“Design is not just what it looks like and feels like. Design is how it works.” –Steve Jobs
How Sunreps solar space heating collectors work:
A black porous geotextile fabric is secured to a metal superstructure and placed on a commercial building rooftop and faced south toward the sun close to the rooftop package unit (RTU). The sun heats the black fabric and that heat is then pulled through the collector's tiny holes and into the fresh air intake of the RTU.
Many commercial building's heating and cooling systems use RTUs (the green boxes on flat roofs) The RTUs are required to continuously pull fresh air into commercial buildings for the health of the occupants. The 1980's showed how important this fresh air flow is. ASHRAE , the HVAC standards organization, lowered the minimum fresh air levels required in commercial buildings in order to lower energy costs. The results were immediate and unpleasant. Lowering fresh air requirements gave way to a new health problem called the "sick building syndrome". In 1989 ASHRAE reversed course and reset the fresh air standards back to pre-1980 levels. The sick building syndrome quickly faded from the news and is no longer considered a major health problem.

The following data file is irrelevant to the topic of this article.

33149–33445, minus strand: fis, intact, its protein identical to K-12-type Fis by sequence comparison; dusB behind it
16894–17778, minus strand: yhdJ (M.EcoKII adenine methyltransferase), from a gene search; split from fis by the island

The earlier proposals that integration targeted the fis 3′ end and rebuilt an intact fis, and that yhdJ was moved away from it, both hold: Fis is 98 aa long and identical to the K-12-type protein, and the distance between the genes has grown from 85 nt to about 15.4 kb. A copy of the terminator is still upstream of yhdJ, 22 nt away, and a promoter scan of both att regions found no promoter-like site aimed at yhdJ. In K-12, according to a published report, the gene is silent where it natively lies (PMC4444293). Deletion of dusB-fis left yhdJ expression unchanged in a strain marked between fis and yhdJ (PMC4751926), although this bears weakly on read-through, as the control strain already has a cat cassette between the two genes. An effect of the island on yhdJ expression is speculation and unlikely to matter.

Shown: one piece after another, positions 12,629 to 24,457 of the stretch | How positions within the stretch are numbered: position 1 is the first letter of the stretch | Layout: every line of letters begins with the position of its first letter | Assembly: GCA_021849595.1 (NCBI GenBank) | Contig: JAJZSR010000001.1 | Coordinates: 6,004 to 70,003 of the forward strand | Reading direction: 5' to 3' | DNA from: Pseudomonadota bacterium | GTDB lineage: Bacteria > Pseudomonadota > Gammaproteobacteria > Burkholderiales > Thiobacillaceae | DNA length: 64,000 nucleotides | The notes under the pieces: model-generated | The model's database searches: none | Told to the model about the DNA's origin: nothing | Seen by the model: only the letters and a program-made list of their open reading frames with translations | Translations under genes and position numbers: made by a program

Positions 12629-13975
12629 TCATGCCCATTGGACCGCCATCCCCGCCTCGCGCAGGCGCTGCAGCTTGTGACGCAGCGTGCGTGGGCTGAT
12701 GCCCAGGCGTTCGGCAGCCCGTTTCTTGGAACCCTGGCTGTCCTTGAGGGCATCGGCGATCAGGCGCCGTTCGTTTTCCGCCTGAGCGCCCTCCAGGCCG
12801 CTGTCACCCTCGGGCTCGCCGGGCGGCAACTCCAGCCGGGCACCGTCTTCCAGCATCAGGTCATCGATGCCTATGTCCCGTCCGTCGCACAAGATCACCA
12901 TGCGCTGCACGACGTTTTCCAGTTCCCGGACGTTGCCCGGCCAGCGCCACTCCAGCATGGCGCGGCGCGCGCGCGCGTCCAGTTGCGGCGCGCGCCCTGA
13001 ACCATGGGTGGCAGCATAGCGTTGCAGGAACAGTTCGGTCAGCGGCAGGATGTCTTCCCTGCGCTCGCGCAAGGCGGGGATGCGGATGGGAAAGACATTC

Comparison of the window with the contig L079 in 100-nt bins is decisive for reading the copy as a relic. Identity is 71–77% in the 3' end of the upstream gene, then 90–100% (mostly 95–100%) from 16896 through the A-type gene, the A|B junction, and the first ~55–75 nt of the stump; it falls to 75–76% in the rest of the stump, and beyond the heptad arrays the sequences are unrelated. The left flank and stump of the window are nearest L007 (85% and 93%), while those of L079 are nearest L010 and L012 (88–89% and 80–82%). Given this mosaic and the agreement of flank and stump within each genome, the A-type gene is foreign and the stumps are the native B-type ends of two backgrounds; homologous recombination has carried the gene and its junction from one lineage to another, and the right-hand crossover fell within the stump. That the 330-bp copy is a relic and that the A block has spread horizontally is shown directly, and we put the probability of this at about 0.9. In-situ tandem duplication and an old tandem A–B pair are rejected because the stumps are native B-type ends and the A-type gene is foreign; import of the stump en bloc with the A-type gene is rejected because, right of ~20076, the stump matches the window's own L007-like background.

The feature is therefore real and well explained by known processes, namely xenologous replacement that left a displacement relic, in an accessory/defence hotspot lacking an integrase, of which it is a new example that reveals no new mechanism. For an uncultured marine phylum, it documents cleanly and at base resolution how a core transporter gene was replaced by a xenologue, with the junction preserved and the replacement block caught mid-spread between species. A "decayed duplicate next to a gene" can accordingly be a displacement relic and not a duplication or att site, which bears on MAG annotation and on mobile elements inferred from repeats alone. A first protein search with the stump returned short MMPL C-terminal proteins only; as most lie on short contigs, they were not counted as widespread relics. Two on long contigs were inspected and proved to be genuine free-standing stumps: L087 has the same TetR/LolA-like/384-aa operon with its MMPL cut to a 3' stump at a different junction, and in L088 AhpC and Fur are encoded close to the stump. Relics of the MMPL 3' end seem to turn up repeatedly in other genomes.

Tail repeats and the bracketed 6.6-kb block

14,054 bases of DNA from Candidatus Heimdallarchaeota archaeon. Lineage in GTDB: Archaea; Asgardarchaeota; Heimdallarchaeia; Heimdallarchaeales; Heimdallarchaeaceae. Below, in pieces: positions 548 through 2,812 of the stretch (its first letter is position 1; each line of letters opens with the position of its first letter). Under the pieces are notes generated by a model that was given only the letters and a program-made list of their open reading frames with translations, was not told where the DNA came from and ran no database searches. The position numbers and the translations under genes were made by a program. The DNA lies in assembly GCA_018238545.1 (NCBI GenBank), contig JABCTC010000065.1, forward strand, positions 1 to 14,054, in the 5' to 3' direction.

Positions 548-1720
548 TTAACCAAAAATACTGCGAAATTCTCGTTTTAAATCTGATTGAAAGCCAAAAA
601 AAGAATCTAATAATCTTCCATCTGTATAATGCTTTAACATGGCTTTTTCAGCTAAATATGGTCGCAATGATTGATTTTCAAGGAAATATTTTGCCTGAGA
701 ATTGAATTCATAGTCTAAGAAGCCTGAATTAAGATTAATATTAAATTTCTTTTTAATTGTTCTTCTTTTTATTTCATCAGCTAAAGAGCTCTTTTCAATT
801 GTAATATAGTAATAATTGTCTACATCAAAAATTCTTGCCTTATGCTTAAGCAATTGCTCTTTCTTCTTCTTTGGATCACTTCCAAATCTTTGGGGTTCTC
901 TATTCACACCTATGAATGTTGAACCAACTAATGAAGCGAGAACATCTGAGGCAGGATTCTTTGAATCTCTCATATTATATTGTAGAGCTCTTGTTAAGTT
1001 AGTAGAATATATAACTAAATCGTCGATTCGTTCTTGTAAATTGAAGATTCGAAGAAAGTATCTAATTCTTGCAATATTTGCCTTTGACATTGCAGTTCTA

With the installation of Sunreps' collectors, all of a building’s required fresh air can be pre-heated by the sun before it is blended with the building's recirculated air. The results of incorporating solar pre-heating is a reduction in the need to burn fossil fuel to attain a building's desired indoor air temperature. In Seattle, during the heating season a small Sunreps collector system can reduce heating costs from 20-30% on each RTU.
When a commercial building is calling for cooling the collectors are by-passed and so only non-heated outdoor air is pulled into the RTU.
Sunreps collectors represent the continuing evolution of the “transpired solar collector” laws of physics. The simplicity of the science behind our collectors cannot be overstated but that is also their beauty and their financial advantage. There is not solar collections device that is more efficient or lower in cost.
The link below shows real-time temperatures of outside air and the temperatures inside the three 420 sf, 307 collectors. The first chart is the current outside air temperature and the other three charts the collector's temps. The collectors are located outside of Chehalis, WA (two hours south of Seattle) There is over a year's worth of temperature history that is observable.